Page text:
The next day’s talks became a bit more technical – they were delivered by high achieving senior and early to mid-career researchers (EMCR) who received prestigious awards by the academy. You can imagine how difficult it must be to summarise years’ of research work in 10 minutes! For me, the highlight of this day was the EMCR workshop: there were four workshops on developing skills in pitching research to media, storytelling, industry engagement, and grant writing. I participated in the workshop on industry engagement. I was impressed by the academics who conducted this: they are in fact the best people who could conduct it because they have been academics engaged with industry for years and they shared their personal experiences of how this connection has benefited their research career. The emphasis on industry engagement will continue to increase in the coming years and is something that is being pushed at all levels – policies and research grants. Most of the ECRs attending this workshop didn’t have much engagement with industry, but after an interactive discussion, all of us took something from it. I personally took the message that networking is the first step to put your foot into this engagement.
The annual dinner this year happened at one of the most beautiful venues – the National Arboretum. It is here I saw members of parliament, special guests, policy makers, academy fellows and their families all together. I met my own supervisors, mentors, and made some new friends on the table. Amongst this amazing ambience (and amazing food), I cursed, momentarily, the cold chilly winds in Canberra, which had almost convinced me to skip attending the dinner tonight!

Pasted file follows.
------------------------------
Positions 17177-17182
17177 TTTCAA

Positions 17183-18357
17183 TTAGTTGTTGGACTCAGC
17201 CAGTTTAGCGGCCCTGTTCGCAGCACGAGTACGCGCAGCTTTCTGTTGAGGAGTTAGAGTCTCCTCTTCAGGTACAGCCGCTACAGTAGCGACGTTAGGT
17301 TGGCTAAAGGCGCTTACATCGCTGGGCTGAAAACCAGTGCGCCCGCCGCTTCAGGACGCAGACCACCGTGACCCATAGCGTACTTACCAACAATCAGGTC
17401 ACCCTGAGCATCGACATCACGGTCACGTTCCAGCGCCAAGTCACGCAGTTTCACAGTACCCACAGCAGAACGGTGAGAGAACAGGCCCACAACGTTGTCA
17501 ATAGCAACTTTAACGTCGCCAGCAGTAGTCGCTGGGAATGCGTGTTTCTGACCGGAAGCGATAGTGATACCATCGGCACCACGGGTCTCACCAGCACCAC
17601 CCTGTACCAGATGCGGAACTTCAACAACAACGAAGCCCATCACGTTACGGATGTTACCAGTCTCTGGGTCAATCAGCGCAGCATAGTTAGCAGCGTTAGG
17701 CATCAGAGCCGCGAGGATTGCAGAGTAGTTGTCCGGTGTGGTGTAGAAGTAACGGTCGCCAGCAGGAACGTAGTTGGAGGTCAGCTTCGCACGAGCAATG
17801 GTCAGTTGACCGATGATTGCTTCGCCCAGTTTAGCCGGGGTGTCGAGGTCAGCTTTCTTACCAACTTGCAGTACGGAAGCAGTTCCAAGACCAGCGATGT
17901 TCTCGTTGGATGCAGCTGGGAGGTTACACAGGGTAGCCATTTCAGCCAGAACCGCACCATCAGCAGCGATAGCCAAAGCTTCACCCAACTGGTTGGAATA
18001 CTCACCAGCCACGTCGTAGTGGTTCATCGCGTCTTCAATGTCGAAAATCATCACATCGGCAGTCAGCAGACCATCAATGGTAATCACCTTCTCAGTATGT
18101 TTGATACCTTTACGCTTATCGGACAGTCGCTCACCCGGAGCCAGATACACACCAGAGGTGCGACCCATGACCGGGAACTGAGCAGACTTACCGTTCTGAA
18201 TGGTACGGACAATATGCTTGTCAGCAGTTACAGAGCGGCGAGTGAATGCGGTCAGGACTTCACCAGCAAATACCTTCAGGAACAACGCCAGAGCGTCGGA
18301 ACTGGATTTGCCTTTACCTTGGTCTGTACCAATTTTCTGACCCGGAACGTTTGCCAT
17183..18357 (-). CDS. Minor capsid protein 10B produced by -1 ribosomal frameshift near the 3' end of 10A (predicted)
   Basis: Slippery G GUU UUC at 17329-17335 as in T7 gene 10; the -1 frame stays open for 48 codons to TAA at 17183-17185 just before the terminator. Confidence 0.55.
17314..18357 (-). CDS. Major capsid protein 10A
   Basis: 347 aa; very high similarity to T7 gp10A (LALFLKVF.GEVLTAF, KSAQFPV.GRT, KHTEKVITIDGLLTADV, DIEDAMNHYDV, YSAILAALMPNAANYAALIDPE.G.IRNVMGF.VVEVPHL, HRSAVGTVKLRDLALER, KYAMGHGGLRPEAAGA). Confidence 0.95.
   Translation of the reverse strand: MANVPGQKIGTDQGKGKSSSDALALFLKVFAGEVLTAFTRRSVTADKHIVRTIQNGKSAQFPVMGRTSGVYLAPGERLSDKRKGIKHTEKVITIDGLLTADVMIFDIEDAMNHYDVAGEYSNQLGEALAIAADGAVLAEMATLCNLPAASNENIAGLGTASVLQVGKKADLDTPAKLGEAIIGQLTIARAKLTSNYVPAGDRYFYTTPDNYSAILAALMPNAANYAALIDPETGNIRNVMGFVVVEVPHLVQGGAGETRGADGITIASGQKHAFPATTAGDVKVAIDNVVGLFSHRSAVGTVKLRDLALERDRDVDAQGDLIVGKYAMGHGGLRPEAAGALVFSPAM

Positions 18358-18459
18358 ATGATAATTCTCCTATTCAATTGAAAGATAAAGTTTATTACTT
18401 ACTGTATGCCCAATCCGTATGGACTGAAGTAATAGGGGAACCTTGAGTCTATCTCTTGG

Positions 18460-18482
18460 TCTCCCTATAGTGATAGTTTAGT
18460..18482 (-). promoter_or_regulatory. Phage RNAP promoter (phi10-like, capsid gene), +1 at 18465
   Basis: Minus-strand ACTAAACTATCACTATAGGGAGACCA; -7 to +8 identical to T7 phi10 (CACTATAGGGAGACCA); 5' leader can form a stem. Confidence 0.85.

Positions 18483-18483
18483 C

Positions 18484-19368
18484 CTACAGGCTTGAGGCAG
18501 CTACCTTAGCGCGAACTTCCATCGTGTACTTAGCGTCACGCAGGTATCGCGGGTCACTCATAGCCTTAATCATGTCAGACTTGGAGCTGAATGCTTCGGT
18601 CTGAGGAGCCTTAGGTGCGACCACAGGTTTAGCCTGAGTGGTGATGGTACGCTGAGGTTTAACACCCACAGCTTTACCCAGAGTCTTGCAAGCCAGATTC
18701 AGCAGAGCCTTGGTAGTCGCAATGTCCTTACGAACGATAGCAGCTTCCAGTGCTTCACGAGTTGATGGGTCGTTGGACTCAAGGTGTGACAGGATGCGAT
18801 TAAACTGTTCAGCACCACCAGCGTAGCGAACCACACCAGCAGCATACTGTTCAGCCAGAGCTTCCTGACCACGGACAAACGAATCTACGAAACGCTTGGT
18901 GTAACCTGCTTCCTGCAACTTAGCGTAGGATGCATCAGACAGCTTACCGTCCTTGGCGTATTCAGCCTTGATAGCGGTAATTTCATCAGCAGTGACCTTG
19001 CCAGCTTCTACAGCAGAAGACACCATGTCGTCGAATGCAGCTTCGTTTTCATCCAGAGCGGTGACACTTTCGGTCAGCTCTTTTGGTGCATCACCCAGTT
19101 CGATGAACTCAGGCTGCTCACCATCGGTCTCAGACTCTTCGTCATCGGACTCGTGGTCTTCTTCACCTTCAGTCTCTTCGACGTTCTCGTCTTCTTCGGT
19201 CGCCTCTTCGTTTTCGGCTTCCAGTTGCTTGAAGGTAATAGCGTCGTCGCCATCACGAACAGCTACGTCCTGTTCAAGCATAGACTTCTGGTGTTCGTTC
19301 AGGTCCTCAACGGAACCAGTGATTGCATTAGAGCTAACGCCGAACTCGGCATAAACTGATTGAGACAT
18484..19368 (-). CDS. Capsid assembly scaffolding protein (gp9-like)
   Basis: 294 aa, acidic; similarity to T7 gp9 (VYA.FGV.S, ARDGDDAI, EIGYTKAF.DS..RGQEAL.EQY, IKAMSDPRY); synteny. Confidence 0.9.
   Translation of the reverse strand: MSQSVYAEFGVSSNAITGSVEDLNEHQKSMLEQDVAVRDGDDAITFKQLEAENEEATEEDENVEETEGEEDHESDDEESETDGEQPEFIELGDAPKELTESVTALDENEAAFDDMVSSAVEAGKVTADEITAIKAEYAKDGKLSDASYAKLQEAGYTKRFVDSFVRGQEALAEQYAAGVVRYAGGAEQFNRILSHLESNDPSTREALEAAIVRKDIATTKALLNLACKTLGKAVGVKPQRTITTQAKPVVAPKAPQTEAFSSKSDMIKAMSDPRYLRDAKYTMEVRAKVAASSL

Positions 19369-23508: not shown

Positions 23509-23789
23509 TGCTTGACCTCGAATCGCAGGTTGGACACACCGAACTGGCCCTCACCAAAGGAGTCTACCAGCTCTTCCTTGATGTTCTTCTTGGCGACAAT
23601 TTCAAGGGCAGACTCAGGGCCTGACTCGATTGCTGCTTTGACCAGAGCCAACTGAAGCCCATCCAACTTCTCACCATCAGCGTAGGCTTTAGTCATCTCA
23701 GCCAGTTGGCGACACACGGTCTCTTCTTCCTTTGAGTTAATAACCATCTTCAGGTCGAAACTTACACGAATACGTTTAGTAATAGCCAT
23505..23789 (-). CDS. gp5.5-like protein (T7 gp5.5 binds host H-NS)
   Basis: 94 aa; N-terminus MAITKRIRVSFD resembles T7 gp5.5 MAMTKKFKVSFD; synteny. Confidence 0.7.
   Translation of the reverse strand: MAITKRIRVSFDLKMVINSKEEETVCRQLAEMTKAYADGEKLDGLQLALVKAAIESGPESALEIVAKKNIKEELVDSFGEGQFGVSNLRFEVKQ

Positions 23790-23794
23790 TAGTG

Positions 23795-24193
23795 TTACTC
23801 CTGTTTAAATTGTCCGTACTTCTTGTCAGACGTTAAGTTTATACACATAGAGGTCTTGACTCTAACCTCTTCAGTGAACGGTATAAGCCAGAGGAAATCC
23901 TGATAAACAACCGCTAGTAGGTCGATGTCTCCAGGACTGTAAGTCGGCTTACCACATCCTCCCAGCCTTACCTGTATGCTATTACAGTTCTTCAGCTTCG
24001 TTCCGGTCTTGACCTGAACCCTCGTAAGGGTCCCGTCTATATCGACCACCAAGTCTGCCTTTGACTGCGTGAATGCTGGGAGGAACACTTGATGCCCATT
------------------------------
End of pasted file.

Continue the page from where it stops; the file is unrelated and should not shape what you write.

From left: Prof. Chennupati Jagadish, Mrs. Connie Bachor, Prof. Jim Williams, me, Dr. Vidya Jagadish. Credit: Melanie Bagg
Day 3’s symposium this year was titled ‘life on the loose: species invasion and control’. I always knew about Australia’s strict biosecurity laws, but today I learnt about the immense efforts of scientists and researchers that go behind this goal. The experts in this symposium spoke about a range of invasive species of plants and animals, how they affect the native ecosystem and what measures have been successful (and unsuccessful) to prevent this alien invasion from adversely affecting the native species. The symposium closed with an open ended discussion on key issues that Australia might face in the next hundred years when our population will increase to more than 85 million and our average temperature will increase by at least 5°C. Conserving and protecting our environment is something close to my heart, and I not only enjoyed the symposium but appreciated the research efforts in this country towards this. Two of my favourite moments from the symposium are below.
This was the best slide title in all of Prof. Emma Johnston’s talk: it summarises the need to protect our earth. After all, Mars may not turn out to be what we imagine!
— Vini Gautam (@GautamVini) May 25, 2017